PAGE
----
First of all: while it’s possible that this WWZmovie borrowed some small amount of plotting from the book that shares its name, I would be hard pressed to name anything besides the title and its attendant premise. This does not make it a bad film, but it certainly makes it a misnamed one. Second of all: I’m probably fast and loose with spoilers here, although none plot-destroying. You’ll see why I didn’t care much about that.

Okay, disclaimers aside, was World War Z in fact a good movie? Almost. It started off pretty solidly by introducing Brad Pitt (who had gotten too old for this shit) and his family, and then immediately dumping them into Run For Your Lives! And then it exposited about how he’s the kind of guy who could help find out how this[1] happened and therefore save humanity, and then blackmailed him into doing it when “saving humanity” was somehow insufficient. Like rich, pretty people don’t know that they are part of what’s being saved? I dunno.

Then he starts globetrotting, picking up clues, narrowly escaping each place he goes to like a non-parodic version of John Cusack, and just when I started to get the impression that his arrival spelt doom for any place he might show up at, the movie kind of trickled out into nothing. I seriously expected another 30 to 60 minutes of plot, until about 5 minutes before the credits rolled.

So, shorter version: cool, albeit stolen and warped, concept; cool execution; terrible payoff. Hot Israeli soldiers, though.

[1] The zombie apocalypse, obvs.

This Is the End

MV5BMTY3ODIzMjMyNl5BMl5BanBnXkFtZTcwNTE2MTE0OQ@@._V1_There were three things I liked a lot about This Is the End. First: Los Angeles gets destroyed. I mean, that’s always fun, right? Second: a lot of actors demonstrated a really solid sense of humor about themselves. Sometimes you get one or two, but this was pretty much a whole cast’s worth. (Special kudos to Michael Cera.) Third: I found it to be damned funny[1]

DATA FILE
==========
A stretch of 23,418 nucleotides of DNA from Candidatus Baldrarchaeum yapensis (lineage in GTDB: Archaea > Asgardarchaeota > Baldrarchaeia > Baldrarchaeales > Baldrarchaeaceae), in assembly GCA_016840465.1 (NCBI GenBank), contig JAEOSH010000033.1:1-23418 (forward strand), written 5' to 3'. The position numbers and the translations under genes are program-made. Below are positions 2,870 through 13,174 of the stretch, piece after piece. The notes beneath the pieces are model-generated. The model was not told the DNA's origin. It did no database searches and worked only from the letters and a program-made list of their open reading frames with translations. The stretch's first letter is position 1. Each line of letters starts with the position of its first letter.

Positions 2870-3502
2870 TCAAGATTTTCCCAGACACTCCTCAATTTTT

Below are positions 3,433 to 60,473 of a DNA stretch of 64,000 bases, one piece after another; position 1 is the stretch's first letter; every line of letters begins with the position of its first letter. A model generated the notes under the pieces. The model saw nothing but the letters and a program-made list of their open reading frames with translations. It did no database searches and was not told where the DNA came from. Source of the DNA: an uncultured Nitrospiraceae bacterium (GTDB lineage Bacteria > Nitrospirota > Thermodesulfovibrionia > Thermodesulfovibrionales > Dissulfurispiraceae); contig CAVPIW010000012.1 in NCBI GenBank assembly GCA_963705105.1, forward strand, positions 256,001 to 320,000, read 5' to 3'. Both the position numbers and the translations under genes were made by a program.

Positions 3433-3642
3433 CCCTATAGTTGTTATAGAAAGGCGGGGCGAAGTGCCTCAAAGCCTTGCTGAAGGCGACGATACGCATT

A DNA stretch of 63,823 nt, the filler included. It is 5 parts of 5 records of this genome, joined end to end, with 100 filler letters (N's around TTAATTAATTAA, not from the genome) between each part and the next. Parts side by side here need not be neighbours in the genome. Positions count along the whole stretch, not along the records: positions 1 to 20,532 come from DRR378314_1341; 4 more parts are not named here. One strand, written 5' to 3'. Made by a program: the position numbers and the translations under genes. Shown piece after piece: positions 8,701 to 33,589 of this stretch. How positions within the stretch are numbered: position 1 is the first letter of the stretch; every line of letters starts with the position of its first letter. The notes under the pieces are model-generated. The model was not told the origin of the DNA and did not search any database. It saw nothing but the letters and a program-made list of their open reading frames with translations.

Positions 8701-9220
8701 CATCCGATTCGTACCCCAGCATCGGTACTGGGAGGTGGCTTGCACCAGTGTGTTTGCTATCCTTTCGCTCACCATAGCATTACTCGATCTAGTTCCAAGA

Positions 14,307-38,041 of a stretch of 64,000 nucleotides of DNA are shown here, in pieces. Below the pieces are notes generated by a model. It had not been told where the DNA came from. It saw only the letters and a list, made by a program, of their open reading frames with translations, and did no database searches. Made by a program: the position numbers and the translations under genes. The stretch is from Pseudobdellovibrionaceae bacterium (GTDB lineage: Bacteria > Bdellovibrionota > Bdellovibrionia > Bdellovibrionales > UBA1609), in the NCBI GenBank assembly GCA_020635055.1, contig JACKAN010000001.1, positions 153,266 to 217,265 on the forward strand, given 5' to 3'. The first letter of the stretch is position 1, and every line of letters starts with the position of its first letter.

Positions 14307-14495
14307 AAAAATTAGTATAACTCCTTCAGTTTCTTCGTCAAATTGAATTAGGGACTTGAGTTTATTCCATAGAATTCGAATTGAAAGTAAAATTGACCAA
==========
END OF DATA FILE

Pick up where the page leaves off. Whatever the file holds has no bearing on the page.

See, some guy I don’t know who is clearly a stand-in for longtime Seth Rogen writing collaborator Evan Goldberg has come into town to visit Seth, even though they both know how much he hates LA. Seth, see, hopes to make some inroads between notEvan and Seth’s actor friends. So they go to a party at James Franco’s house, where everyone acts exactly as annoyingly Hollywood as notEvan expected them to, and even Seth is slightly less likable / more dog-piddly than usual due to their influence. Then, out of nowhere, *boom*, it’s the Rapture Apocalypse. Suddenly, everyone is having to deal with unceasing waves of death and destruction, limited resources, demonic possession, the worst human being in the world[2], and coming to terms with the fact that, yep, they’re in this situation because they probably deserve it[4], all from the comforts of Franco’s post-modern mansion.

Also starring Emma Watson!

[1] Koz, as you will see in paragraph two, it’s generally about bad people, so you will probably not find it funny. I think most other people I know would, though?
[2] Spoilers, but if you insist:[3]
[3] Danny McBride
[4] I know, that’s not really how the Rapture is supposed to work, but somehow, getting an atheistic, uninformed view of the Rapture is very in keeping with the spirit of the thing. on every level. (Also, an accurate[5] representation starring Kirk Cameron would have been terrible in every way.)
[5] Yeah, I had fun with that word choice, not gonna lie.